around work!’

Note: You should remember and realise that you have ‘rights’:
the right to a work–life balance and the right to work within
your contractual hours and be allowed to leave on time so
that you have time for your family/home/social life, just as
your boss should be doing.
If you are assertive with your bosses on behalf of your own
time it will also help them with their time management
             Dealing with difficult people and managing conflict   101


and may well save their work–life balance and personal
relationships.

Solution: In this scenario you should assertively say to your
boss:

  When you continually start dictating in the a�ernoon, thereby
  not allowing me enough time to be able to complete the work
  to meet clients’ expectations, it makes me feel that I have to
  stay late in order to fit in with your work style. This means
  that I have to plan my home life to fit in around work. As a
  consequence, my family and social life are suffering and my
  work–life balance is not working as it should. I will help you
  arrange the diary so that you are able to dictate in the morning
  in order to give me a reasonable amount of time to get the work
  done within the day. If this is going to be a problem for you
  I suggest we work on a solution together. I would appreciate
  your thoughts on this and how you feel about dictating earlier
  in the day.

Bosses are not mind readers and may in fact think you prefer
to work the way you have been doing. You have to let them
know how you feel, come up with a solution and ask how
they feel about it. Then you can work on the problem together
to come to a workable solution and a win–win situation.


Case study four
‘You never really know where you stand with my boss. Some-
times he ignores you when you talk to him. It is almost like I
am totally invisible or not there at all. Other times he wants
to be cha�y (when in a good mood only). I stood at his door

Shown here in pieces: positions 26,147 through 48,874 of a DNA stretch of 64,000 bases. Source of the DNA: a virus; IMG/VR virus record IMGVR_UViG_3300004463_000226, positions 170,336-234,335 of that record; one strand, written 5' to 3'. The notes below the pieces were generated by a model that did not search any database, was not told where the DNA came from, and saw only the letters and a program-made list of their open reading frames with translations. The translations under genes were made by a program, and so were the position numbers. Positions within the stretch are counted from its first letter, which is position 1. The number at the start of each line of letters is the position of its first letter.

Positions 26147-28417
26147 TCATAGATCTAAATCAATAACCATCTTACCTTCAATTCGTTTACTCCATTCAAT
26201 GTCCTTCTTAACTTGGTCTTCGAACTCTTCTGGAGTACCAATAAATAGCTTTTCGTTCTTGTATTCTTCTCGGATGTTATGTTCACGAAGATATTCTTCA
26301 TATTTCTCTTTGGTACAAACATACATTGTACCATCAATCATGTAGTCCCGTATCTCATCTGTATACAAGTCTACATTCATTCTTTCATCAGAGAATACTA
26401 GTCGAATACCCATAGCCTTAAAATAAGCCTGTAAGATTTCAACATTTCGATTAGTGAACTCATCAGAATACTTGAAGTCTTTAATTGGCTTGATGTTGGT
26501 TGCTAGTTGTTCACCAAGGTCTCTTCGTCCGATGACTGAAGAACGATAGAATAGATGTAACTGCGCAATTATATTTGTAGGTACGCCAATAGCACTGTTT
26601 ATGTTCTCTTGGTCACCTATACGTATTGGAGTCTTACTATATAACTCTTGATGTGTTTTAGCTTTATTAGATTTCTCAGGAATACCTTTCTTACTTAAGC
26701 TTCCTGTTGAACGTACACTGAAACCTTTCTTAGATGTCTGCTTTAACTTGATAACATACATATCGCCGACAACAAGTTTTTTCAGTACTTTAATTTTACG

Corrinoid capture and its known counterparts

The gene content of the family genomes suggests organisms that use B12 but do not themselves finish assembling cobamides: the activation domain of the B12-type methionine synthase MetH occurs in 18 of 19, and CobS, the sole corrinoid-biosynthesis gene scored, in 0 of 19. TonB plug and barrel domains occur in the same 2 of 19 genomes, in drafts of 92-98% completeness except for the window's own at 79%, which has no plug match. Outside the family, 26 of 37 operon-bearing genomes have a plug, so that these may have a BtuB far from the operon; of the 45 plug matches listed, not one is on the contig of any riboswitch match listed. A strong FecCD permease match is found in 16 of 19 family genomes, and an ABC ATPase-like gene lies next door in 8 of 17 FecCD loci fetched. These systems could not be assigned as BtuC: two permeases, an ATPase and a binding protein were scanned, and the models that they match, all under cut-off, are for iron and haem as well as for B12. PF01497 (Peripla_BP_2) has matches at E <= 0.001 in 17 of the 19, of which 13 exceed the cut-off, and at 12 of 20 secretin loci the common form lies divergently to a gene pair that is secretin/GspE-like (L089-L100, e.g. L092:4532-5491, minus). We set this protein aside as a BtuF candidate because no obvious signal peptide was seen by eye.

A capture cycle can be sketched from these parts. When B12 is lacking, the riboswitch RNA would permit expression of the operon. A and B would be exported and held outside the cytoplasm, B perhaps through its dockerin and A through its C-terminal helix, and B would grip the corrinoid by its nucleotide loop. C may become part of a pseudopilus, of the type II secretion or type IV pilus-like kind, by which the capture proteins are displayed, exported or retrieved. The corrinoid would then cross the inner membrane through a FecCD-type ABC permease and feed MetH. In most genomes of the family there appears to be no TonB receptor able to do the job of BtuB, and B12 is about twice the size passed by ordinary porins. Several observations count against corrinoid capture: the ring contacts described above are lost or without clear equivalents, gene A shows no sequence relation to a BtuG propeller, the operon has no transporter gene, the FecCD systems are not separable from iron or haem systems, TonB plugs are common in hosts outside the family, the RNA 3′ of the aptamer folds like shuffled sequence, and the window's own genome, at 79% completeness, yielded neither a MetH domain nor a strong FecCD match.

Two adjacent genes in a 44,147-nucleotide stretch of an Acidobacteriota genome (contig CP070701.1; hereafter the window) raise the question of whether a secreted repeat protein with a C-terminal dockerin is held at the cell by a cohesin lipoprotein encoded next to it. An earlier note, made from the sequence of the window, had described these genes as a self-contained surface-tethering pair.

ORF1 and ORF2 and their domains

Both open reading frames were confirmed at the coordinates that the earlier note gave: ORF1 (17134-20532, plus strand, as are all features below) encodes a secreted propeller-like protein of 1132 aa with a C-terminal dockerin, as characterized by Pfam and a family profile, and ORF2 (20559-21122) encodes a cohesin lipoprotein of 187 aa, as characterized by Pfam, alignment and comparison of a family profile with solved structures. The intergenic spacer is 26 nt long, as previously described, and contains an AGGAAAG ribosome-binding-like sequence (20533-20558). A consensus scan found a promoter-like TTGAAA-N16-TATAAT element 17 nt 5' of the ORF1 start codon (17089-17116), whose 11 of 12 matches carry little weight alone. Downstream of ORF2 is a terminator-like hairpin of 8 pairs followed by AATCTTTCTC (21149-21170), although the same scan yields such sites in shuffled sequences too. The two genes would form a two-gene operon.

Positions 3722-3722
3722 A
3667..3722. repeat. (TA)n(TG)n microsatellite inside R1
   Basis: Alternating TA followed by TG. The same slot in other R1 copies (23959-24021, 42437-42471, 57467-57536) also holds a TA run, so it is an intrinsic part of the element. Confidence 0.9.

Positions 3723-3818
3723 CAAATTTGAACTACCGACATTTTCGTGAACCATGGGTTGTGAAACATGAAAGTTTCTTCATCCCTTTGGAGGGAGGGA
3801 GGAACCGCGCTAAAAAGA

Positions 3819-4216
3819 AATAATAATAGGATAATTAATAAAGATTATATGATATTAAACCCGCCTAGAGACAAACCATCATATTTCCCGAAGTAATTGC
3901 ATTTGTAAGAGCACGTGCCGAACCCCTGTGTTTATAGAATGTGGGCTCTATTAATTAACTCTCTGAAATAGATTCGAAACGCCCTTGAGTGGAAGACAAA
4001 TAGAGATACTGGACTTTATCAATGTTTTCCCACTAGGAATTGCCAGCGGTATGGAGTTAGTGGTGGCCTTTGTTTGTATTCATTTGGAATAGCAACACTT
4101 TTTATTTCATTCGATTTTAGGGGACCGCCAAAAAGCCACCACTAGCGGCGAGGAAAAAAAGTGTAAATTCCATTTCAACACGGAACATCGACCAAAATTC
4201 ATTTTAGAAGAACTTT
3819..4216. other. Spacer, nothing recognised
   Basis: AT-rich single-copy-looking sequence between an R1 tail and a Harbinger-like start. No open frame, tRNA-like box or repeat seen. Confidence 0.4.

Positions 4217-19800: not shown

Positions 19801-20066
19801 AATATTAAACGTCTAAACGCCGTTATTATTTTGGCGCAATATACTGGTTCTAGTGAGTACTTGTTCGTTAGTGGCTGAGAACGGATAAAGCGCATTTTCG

once and asked him a question three times and he still ignored
me. I ended up rolling my eyes, shook my head and walked
away. A colleague watching this had to walk off laughing as
he couldn’t believe it. Although deep down he is a very nice
man, he can be very abrupt and awkward when he wants to
(just because he can). I just let him get on with it and talk
to him when he is showing willing to communicate back. I
think it is a bit of a shame as he doesn’t get the best out of me
because of this.’
102 The definitive personal assistant and secretarial handbook


Solution: People who ignore you, give you sullen looks,
and/or respond to every question with either ‘I don’t know’
or silence are o�en difficult because they’re either timid or
control freaks – or hard of hearing! Silent people get away
with not talking because most people are uncomfortable with
silence and want to fill in the gaps. Ask them questions that
can’t be answered with just a ‘yes’ or ‘no’, such as, ‘Why is
it uncomfortable for you to answer my questions?’ Stand in
front of them and wait… and wait… and repeat the question:
‘Why is it uncomfortable for you to answer my questions?’
Then wait at least one full minute before you say anything.
This long silence may make them uncomfortable enough to
say something. If they do start talking, listen carefully and try
to get into their mind.
Perhaps the next time they come to your desk and ask you a
question you could try not replying straight away and finish-
ing what you’re doing. It will feel uncomfortable for you but
just wait a minute and then reply – let them know what it
feels like.


Case study five
‘My boss can be quite moody at times, and when he’s in a bad
mood he speaks to me as though I am the stupidest creature
he has ever seen in his life. I’ve learnt that the best way to deal
with it is just to walk away quietly and let the bad mood pass
and never to take it personally!’


Case study six
‘I started as a PA in a new company. The Head of Administra-
tion Services was a woman who’d worked for many years
for the company and had a very close relationship with
the CEO. Immediately, she saw me as real competition in
the trust of our boss, and a�acked with many tiny bullying
methods during my trial period of six months. This was of
course annoying, and one day when she had to deliver some
documents to my home, I invited her to a joint leisure day at
a later date. From her positive reaction, I discovered that she
            Dealing with difficult people and managing conflict   103


did not mean her a�acks really personally, and since then,
even a�er I le� the company, we have maintained a very close
friendly relationship.’

Note: Many people do indeed act differently in their business
and their private lives, and for that reason most conflict situa-
tions tend to be misunderstood as personal a�acks, although
they are due to feelings of insecurity in people’s business
world.


Case study seven
‘One person has joined our department who was a PA in her
previous job. This person constantly seems to think I need
advice and constantly bu�s in with answers to questions
directed at me. She also likes to keep everyone informed that
she has already done it, seen it and knows it.’

Solution: Smile when people offer ‘advice’, thank them and
then do it your way. When the advice offered is appropriate,
thank them and change things – hopefully for the be�er.